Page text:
“Bullying is often a learned behavior,” Nittle wrote. “Young bullies might live in households where adults bully one another to get their way or deal with conflict. They might not know how else to get their needs met or how to manage disagreements.”
If we think about it, the concept of an abuser is similar to being a bully but just on another level. Both of their behaviors stem from personal experiences that showcase the same actions. They both find a high in having control over the situation, and both bullies and abusers mistreat people who are seen as weaker to uplift their self-esteem. If they are not getting the proper love and guidance at home, it can cause them to lash out and spread hate. We see bullies and abusers are both victims themselves but they just choose to handle their trauma by hurting others.
Researchers from the University of Washington and Indiana University conducted a study on child exposure to violence and involvement in bullying. In the article titled Violence in the home leads to higher rates of childhood bullying, writer Joel Schwarz reported the study found that 34% of the children engaged in bullying, 73% reported being victims of bullying, and nearly 97% of bullies said they were also victims of bullying.
“Parents are very powerful role models and children will mimic the behavior of parents, wanting to be like them,” Schwarz wrote. “They may believe violence is OK and they can use it with peers. After all, they may think, ‘If Daddy can do this, perhaps I can hit this kid to get my way.’ When parents engage in violence, children may assume violence is the right way to do things.”
If that trauma a child–or any person– experiences is not taken care of, it can affect generations to come. In some cases, trauma can be so widespread, it impacts entire communities of people.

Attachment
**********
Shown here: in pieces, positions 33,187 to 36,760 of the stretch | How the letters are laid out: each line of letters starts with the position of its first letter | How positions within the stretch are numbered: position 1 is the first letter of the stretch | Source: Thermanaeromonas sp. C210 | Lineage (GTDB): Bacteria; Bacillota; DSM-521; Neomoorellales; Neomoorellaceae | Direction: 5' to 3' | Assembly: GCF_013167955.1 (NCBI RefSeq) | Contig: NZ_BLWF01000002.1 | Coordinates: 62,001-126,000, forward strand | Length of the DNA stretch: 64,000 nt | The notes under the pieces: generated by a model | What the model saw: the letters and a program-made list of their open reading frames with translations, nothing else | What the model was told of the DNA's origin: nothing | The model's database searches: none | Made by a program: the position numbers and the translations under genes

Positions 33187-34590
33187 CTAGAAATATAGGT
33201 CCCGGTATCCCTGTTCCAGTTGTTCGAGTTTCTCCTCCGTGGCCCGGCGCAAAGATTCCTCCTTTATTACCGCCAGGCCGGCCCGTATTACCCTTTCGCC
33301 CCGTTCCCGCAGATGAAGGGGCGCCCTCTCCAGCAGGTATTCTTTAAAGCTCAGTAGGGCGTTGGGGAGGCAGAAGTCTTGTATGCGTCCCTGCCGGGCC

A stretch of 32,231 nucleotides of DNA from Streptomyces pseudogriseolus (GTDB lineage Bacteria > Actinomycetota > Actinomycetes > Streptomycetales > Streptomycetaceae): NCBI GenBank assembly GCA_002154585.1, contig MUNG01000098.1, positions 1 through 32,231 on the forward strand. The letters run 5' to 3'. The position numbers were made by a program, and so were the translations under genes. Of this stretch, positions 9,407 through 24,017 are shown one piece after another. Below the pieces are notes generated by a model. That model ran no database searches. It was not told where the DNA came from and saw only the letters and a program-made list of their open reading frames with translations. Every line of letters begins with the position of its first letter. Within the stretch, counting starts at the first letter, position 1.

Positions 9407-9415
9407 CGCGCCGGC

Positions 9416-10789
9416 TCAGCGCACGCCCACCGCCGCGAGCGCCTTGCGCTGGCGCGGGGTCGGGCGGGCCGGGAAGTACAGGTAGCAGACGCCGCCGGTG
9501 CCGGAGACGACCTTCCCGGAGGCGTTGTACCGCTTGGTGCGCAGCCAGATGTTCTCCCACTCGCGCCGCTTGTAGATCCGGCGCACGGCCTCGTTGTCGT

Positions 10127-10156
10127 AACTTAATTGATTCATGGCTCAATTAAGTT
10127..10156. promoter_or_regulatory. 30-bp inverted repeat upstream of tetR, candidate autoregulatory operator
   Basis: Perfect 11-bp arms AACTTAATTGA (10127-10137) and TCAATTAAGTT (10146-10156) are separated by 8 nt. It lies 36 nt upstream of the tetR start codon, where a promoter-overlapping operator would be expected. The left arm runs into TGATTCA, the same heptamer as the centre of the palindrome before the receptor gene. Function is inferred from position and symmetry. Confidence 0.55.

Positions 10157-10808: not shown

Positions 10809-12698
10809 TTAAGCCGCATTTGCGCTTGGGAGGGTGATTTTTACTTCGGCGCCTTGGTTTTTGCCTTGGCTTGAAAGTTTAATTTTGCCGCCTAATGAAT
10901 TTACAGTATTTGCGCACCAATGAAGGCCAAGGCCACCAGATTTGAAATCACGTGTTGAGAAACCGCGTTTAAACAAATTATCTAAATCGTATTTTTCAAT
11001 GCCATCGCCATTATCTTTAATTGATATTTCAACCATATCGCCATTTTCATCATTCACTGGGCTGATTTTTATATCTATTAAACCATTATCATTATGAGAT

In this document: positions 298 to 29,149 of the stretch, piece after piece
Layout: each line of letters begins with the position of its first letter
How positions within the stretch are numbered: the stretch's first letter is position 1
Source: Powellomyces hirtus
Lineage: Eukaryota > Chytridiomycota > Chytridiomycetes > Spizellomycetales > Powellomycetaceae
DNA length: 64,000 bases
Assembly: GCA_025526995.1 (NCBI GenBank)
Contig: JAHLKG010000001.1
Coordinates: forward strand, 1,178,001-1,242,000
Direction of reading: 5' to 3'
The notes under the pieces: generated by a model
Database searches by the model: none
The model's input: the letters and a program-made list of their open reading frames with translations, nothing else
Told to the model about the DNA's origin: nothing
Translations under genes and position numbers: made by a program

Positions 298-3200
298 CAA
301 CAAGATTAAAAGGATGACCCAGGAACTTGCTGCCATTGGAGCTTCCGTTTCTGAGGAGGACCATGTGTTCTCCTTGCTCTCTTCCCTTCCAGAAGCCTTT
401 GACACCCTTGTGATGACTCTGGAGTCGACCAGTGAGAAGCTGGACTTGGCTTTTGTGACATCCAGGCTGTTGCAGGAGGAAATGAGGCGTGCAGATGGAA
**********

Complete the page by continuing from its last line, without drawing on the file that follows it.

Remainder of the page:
When it comes to trauma, Black people have been finding ways to deal with it for years. The intergenerational trauma caused by the enslavement of Black people has resulted in Black families dealing with mental health issues even centuries later. The decisions Black people make on a daily basis are affected by the intergenerational trauma past family members had to face.
The stigma surrounding mental health in Black communities has prevented many Black families from seeking help in overcoming trauma, which allows the cycle of intergenerational trauma continues to plague their community. An article published to In The Waiting Room’s website titled Intergenerational Trauma in the Black Community discusses how the effects of enslavement on Black people can impact Black people in the United States today.
“In terms of parenting, intergenerational trauma can affect the parent-child relationship. For example, because people who were enslaved in the United States during the 1700s and 1800s did not have access to mental health professionals, they could not cope with or heal from the trauma that well. This lack of healing passed on the trauma from generation to generation, causing Black people today to still feel the effects of slavery and racism on a subconscious level.”
Another article titled Black parents too often disguise abuse as discipline by Ebony Purks offers an explanation as to how abuse and trauma can manifest in parenting styles in the Black community.
“Black parenting methods are a reflection of the harm and abuse we experienced during slavery,” Purks wrote. “In turn, Black parents often discipline their kids in similar ways plantation owners abused enslaved people. The use of corporal punishment on children is not reflective of pre-colonial West African practices; rather, it is a demonstration of religious European beliefs that people are born innately sinful. So, parents felt they had to beat the sin out of children.”
To put a stop to the negative cycle of abuse and trauma being taught to children, it’s important to first have an understanding as to why acting in violence is problematic. One important step to get started on this journey may be to seek professional help from a licensed therapist, or someone you trust. It can be hard to understand the situation by yourself so it is very important to seek help from others to gain feedback. Shabranae Patton gives advice on what the bystander can do.
“Make sure you care for that person as best as you can without putting them or yourself in further danger. This could be as simple as creating a distraction, to involving authorities. Always assess the safety of all involved before acting. Your goal is to make the situation better, not worse.”
Domestic Violence | Psychology Today
Post-Traumatic Stress Disorder in Children | Children’s Hospital of Philadelphia (chop.edu)
Intergenerational Trauma in the Black Community (inthewaitingroom.org)
Black parents too often disguise abuse as a discipline – The Tempest
History of Intimate Partner Violence Reform | Freedom and Citizenship (columbia.edu)
NIMH » Post-Traumatic Stress Disorder (nih.gov)